A recital on the last afternoon of a convention full of musical highlights poses unique challenges for any performer, as “convention fatigue” sets in and many choices compete for convention-goers’ few final hours together. Additionally, on this particular Friday afternoon, the temperature had climbed to 102 degrees. Ahreum Han overcame all of those challenges and more, and more, and played an absolutely thrilling recital.
The program opened with Jean Demessieux’s dramatic Te Deum, Op.11. Han negotiated its technical difficulties with ease. J.S. Bach’s Trio Sonata in G, BWV 530, was perfectly suited to this performer and the Beckerath instrument, and Han played with flawless memory, quiet elegance, and exuberant joy.
She provided an energetic performance of Mozart’s Fantasy in F Minor, K. 594 (composed for a musical clock). Her programming of Guy Bovet’s Hamburger Totentanz, with quotes from The Tales of Hoffmann, “Für Elise,” and The Flying Dutchman, elicited appreciative chuckles from the audience.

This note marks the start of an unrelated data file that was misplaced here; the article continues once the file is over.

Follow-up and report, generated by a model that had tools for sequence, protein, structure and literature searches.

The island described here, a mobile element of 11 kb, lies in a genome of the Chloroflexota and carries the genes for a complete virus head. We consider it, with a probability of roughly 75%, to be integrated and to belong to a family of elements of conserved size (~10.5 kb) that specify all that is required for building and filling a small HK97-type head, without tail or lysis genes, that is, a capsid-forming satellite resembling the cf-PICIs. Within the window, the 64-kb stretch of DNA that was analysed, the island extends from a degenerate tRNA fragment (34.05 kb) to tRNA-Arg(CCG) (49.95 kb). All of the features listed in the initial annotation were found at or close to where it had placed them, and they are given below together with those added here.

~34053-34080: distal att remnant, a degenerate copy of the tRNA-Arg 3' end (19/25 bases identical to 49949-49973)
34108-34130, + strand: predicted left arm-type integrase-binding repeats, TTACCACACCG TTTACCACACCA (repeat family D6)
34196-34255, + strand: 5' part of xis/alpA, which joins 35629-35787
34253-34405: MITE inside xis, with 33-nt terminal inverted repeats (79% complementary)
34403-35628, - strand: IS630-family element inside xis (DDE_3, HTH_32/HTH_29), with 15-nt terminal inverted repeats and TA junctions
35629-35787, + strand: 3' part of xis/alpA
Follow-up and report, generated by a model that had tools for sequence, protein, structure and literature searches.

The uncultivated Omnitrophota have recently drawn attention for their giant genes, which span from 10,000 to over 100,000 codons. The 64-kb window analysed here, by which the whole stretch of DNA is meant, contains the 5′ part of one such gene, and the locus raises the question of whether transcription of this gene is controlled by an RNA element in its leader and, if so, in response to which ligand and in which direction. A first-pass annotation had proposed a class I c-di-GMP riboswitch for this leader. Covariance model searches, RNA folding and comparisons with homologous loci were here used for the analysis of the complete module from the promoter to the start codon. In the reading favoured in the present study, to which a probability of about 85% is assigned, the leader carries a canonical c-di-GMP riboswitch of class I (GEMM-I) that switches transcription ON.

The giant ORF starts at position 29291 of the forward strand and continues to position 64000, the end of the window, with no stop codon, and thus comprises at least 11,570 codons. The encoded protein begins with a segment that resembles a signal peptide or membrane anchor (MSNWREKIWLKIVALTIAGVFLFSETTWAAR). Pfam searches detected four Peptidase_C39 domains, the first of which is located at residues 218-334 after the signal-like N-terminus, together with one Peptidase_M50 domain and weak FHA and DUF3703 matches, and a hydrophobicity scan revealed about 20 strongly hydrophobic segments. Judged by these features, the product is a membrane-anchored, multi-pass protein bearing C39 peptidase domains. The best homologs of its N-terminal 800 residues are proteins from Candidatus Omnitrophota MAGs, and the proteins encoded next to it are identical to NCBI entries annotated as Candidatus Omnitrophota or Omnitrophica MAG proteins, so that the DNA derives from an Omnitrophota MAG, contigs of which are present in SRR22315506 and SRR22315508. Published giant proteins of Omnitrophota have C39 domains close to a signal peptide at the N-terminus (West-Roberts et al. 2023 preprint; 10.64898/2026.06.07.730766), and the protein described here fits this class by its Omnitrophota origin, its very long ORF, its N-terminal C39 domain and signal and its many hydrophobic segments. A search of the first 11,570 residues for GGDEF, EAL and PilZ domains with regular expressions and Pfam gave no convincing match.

The meditative and mysterious introduction (depicting “a graveyard at midnight”) of Reger’s Choral Fantasy on Wachet auf, ruft uns die Stimme was played with lyrical sensitivity. As “the dead are gradually awakened,” multiple statements of the chorale in various voices, combined with virtuosic compositional and playing techniques and Han’s expert registrational changes, built excitement until the suddenly quiet and slow chorale statement “representing God’s blessing.” Han’s nimble hands and feet were further put to the test in the joyous fugue, and when the chorale melody finally reappeared, transformed by the surrounding material, she had earned our rapt attention. The work’s triumphant closing chords hand barely finished when the audience stood as one, rewarding a fabulous performance with shouts of “Brava” and enthusiastic applause.
By Jan Kraybill